|SNOHOMISH WASHINGTON NEWSPAPER||Friday, October 31, 2014|
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SNOHOMISH TIMES NEWS, SPORTS, BUSINESS, REPORT AND OPINION
By Jason Mercier
One recommendation in particular of note from the Counties:
“Property Tax 1% Cap - replace the 1% limit on property tax growth with a limit that is tied to inflation and population growth.”
Realizing that the 1% property tax cap was originally put in place by voters in 2001 with a 58% yes vote on I-747 and then restored by the Legislature in 2007 during a one-day special session in response to an adverse court ruling, why would cities and counties be asking to the Legislature to change the cap?
Among the reasons they gave was due to the concern that local government pension costs are growing faster than available revenues. Here are some of the pension cost comments from yesterday's hearing:
Before looking to increase taxes to pay in-part for public employee pension costs more reforms are need to address the costs of these defined benefit plans. It is important to note there is no life expectancy impact on the funding ratio for defined-contribution plans.
In somewhat related news, the U.S. Government Accountability Office (GAO) released a report today looking at how pension plans are valued across the country. A couple of interesting findings by GAO:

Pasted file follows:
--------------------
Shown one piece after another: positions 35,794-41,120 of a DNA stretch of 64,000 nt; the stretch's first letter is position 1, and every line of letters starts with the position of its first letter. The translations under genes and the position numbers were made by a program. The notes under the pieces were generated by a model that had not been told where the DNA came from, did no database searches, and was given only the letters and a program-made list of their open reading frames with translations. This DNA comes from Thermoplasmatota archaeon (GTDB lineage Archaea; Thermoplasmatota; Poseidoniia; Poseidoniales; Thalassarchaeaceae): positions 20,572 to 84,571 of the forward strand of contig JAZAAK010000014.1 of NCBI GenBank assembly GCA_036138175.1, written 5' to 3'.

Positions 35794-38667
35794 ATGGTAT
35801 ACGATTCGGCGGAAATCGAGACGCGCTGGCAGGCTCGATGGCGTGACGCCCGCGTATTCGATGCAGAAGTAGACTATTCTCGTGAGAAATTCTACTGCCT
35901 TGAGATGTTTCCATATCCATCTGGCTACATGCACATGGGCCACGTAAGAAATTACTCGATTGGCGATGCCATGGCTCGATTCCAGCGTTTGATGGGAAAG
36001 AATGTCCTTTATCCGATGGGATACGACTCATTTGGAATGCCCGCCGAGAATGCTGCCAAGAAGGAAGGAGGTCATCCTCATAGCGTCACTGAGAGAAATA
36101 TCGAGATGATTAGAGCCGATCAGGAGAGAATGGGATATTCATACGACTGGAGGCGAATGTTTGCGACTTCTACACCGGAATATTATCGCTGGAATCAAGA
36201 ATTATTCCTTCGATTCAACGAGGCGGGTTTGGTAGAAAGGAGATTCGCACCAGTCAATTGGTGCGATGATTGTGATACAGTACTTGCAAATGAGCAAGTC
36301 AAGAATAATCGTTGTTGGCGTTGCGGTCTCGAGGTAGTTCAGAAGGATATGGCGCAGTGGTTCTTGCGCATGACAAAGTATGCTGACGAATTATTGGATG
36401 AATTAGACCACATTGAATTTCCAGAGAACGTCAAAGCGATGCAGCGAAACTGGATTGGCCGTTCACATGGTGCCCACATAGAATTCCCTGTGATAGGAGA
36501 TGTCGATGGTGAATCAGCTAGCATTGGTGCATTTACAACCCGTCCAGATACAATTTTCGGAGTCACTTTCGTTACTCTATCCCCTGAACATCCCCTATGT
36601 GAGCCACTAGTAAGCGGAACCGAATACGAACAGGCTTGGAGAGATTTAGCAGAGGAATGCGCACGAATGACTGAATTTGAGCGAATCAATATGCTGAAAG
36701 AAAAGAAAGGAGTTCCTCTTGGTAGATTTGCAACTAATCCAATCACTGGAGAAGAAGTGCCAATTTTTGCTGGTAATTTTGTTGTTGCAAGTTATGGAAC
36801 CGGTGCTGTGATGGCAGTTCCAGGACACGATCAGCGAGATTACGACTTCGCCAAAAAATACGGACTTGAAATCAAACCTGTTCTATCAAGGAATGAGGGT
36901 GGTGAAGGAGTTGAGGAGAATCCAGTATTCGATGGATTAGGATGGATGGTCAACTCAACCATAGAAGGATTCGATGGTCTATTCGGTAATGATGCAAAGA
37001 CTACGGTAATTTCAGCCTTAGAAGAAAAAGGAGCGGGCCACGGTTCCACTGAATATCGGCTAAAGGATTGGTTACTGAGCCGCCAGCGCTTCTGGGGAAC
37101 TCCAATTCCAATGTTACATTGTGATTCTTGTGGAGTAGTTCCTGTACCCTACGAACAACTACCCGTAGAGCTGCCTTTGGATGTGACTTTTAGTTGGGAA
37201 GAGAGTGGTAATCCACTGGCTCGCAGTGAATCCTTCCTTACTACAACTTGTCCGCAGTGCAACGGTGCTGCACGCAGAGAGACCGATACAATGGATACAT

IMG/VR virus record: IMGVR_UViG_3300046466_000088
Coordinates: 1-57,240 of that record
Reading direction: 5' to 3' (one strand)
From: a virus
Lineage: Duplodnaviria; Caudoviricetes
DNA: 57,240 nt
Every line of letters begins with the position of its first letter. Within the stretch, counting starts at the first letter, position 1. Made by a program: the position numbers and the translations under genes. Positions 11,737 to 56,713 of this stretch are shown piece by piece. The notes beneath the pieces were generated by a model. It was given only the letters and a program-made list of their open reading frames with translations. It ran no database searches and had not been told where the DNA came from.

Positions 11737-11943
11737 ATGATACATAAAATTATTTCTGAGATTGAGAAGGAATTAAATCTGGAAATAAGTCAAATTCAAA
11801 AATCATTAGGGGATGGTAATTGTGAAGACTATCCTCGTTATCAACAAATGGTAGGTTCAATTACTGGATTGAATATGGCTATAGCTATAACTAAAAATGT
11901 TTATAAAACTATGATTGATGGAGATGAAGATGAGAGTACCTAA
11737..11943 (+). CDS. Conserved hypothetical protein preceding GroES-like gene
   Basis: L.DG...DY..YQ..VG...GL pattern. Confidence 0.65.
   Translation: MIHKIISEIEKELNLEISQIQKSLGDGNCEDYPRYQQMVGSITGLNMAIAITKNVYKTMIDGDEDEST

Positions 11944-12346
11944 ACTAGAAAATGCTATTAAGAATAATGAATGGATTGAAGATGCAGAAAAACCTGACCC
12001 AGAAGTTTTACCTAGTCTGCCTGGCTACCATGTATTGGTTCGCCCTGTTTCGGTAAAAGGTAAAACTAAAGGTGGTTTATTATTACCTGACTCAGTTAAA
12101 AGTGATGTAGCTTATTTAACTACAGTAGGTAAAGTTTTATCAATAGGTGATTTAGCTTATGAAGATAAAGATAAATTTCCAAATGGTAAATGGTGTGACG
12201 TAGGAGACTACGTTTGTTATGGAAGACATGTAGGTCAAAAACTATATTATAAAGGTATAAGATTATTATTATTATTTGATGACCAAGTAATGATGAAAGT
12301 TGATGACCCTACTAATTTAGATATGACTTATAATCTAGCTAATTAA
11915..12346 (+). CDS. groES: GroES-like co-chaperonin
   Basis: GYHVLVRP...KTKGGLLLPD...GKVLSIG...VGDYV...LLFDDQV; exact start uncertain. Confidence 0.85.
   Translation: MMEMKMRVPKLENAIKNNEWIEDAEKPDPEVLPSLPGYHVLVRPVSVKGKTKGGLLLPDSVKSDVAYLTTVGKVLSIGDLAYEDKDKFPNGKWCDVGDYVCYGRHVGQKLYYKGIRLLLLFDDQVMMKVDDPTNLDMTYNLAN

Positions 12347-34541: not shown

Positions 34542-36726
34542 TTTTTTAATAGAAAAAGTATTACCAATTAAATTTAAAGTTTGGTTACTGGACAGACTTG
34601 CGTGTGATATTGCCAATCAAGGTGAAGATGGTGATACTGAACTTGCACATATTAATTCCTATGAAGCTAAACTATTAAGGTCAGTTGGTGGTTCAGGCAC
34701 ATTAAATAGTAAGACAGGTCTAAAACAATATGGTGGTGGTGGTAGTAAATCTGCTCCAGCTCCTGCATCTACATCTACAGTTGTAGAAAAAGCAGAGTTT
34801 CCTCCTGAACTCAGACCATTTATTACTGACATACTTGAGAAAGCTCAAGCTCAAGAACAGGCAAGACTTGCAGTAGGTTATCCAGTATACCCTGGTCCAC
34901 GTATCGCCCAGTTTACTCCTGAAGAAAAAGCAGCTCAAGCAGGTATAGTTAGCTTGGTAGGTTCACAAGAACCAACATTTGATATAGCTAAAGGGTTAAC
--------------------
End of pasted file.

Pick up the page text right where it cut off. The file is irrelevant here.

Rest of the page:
• "In the public sector, DB [Defined Benefit] plans still provide primary pension benefits for most state and local government workers. In contrast, DB plan coverage in the private sector has declined as these employers continued to shift away from sponsoring DB plans toward sponsoring DC [Defined Contribution] plans. About 78 percent of state and local government employees participated in DB plans in 2013, compared with only 16 percent of private sector employees."
• “The federal government has not imposed the same funding and reporting requirements on state and local government pension plans as it has on private sector pension plans. State and local government plans are specifically exempted from ERISA funding requirements, in part, because of the presumption that state and local governments can rely on their taxing power to pay for DB plan benefits.”
Washington Policy Center recommends that effective state pension reform should be based on the following principles:
• Do not skip any pension payments;
As noted by GAO, the private sector has been moving steadily away from defined-benefit plans for decades, instead offering employees defined-contribution pensions that provide retirement payments to an employee’s pension while helping companies accurately project future pension costs.
The state should do the same to mitigate the temptation to raise taxes to pay for growing public employee pension costs.
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